This four metre tall shuttered door from Bhera is the largest item in Glasgow Museums' World Cultures collections. It is ornately carved with low relief geometric designs in eight large and four small rectangular panels. The rectangular door is recessed in the centre of six border panels also ornately carved with mainly floral designs. The door was carved from Deodar or Indian Cedar (Cedrus Deodara), a conifer native to the Western Himalayas Bhera is situated in the Punjab Province of Pakistan. Prior to Independence Bhera was in Shahpur District, created in 1893 by the British. Bhera has always been a centre of trade, and has long been famous for its textile manufacture, metal-work, and wood carving. The high degree of craftsmanship and design of the intricate carvings made Bhera wood carvers renowned during the colonial period. Bhera carving was seen at all of the major international exhibitions of the time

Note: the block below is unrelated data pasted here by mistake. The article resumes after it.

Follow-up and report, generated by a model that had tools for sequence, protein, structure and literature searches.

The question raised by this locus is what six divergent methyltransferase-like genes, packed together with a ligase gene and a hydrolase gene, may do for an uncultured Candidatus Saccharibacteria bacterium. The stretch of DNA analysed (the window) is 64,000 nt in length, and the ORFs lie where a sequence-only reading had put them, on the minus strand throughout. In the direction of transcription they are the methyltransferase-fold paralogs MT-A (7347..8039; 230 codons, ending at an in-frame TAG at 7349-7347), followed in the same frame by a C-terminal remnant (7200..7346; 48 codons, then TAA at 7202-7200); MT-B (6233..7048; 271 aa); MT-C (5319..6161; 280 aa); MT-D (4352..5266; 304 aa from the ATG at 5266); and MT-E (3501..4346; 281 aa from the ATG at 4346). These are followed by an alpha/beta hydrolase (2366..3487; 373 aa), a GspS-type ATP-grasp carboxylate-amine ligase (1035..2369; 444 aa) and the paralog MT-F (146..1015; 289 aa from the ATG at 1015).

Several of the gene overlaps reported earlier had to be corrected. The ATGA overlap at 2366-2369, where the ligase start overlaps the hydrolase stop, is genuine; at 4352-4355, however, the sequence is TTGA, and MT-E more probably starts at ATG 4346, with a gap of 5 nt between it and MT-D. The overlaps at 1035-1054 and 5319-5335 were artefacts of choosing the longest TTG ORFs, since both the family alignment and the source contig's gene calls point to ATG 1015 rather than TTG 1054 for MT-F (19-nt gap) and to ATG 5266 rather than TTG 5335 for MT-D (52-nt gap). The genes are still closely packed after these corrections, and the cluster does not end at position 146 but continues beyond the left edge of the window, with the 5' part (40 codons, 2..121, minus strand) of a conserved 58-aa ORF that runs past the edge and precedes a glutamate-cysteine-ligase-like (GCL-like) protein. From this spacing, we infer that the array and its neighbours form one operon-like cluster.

The door was part of a collectiono purchased at the 1888 Glasgow International Exhibition. All of the material purchased at the 1888 Exhibition is representative of the finest quality goods made in South Asia at the time and the examples selected by the municipality represented the best craftsmanship of Kashmir, Punjab and Madras.